Paycheck Fairness Act
Late last month, Senator Patty Murray (D-WA) introduced the Paycheck Fairness Act. If it passes, the Paycheck Fairness Act will amend the Fair Labor Standards Act to provide “enhanced enforcement of [the] equal pay requirements.”
How will this work?
When Congress amended the FLSA in 1963, it included equal-pay provisions. These equal-pay provisions make it unlawful for an employer to pay men and women doing the same or similar work differently — unless the employer can demonstrate that it based the pay differential on “any other factor other than sex.”
The Paycheck Fairness Act would strike “any other factor other than sex” and insert “a bona fide factor other than sex, such as education, training, or experience.”
If that sounds familiar to some of you, it should. Congress has kicked around this bill, without success, before. Plus, the Diane B. Allen Equal Pay Act, which New Jersey passed last year, makes it unlawful to have a pay differential for substantially similar work, unless it based on one or more legitimate, bona fide factors other than the characteristics of members of the protected class, such as training, education or experience, or the quantity or quality of production. The Paycheck Fairness Act is limited to pay differentials based on sex.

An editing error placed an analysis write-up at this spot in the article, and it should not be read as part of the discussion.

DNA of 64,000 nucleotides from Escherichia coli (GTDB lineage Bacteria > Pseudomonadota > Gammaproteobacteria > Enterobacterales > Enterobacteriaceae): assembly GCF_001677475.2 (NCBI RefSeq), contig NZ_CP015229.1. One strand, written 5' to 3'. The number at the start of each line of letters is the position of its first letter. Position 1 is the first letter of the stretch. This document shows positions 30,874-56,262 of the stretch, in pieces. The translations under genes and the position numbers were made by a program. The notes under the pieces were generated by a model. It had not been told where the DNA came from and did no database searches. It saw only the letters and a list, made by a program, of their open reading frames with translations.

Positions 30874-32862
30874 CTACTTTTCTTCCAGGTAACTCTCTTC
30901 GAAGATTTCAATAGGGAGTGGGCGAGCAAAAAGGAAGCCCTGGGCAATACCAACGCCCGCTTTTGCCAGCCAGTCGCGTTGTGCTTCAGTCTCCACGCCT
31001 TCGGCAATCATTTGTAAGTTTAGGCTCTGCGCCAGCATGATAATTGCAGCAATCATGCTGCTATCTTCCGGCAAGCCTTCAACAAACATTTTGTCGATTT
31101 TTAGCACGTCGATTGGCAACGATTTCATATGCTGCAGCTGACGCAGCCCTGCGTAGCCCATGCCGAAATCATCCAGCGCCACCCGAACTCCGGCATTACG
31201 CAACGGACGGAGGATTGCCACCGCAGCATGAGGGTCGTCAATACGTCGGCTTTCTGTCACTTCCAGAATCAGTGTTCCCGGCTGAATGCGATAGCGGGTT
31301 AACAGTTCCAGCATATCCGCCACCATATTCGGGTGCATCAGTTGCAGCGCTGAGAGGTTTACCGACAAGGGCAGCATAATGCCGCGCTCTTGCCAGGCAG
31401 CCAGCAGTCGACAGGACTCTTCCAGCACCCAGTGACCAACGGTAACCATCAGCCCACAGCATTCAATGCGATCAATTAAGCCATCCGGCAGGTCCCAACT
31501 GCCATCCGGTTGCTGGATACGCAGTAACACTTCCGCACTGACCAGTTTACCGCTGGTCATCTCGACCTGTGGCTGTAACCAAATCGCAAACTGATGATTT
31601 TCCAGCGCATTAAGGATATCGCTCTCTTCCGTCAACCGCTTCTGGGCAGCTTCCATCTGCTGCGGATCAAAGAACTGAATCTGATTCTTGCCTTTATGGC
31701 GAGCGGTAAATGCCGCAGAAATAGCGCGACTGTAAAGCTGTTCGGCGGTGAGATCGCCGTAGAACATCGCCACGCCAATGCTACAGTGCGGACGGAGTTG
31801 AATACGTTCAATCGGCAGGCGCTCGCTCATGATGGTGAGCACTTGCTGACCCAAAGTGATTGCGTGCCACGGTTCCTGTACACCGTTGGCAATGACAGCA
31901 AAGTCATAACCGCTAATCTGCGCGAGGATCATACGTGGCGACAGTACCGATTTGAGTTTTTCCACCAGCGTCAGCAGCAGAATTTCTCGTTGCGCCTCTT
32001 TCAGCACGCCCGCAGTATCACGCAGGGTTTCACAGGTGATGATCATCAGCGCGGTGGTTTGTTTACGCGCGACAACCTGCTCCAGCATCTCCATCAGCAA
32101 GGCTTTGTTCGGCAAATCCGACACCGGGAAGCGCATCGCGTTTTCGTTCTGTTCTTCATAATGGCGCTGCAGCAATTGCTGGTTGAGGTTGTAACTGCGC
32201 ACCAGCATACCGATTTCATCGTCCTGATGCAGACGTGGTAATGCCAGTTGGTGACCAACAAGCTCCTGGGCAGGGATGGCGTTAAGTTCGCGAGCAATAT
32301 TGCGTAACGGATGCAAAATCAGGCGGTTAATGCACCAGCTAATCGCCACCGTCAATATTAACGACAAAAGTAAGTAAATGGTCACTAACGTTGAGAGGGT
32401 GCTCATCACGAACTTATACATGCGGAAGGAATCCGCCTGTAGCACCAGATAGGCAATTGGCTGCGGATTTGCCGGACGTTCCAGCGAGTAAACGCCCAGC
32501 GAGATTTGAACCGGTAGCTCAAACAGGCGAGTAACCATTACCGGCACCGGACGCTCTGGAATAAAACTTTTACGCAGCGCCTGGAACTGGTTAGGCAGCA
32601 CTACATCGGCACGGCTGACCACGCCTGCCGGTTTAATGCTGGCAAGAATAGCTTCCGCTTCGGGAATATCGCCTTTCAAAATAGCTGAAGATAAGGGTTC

For more on the Paycheck Fairness Act, here is a press release from Senator Bob Casey (D-PA), one of the bill’s co-sponsors.
Protect Older Workers From Discrimination Act
Here’s another oldie but goodie.
Aaaaaaaand cue tumbleweed.
Last week, a bipartisan group of Senators reintroduced the Protect Older Workers From Discrimination Act. Here’s more from Chuck Grassley (R-IA), one of the bill’s co-sponsors:
U.S. Senator Chuck Grassley of Iowa joined Senator Bob Casey of Pennsylvania, Patrick Leahy of Vermont and Susan Collins of Maine in re-introducing the bipartisan Protecting Older Workers Against Discrimination Act (POWADA). Enacting POWADA (S. 485) would restore critical Age Discrimination in Employment Act (ADEA) protections and make it easier for employees to prove when they are a victim of age discrimination in the workplace.
In 2009, a U.S. Supreme Court ruling in Gross v. FBL Financial Services involving Iowan Jack Gross, weakened the ADEA by imposing a significantly higher burden of proof on workers alleging age discrimination than is required of workers alleging other forms of workplace discrimination. As a result, workers that allege age discrimination must meet an undue legal burden not faced by workers alleging discrimination based on race, sex, national origin or religion.
In the meantime, click here if you need a refresher on what goes into a proper age discrimination release.
And click here for some tips on how to address equal pay issues at work proactively.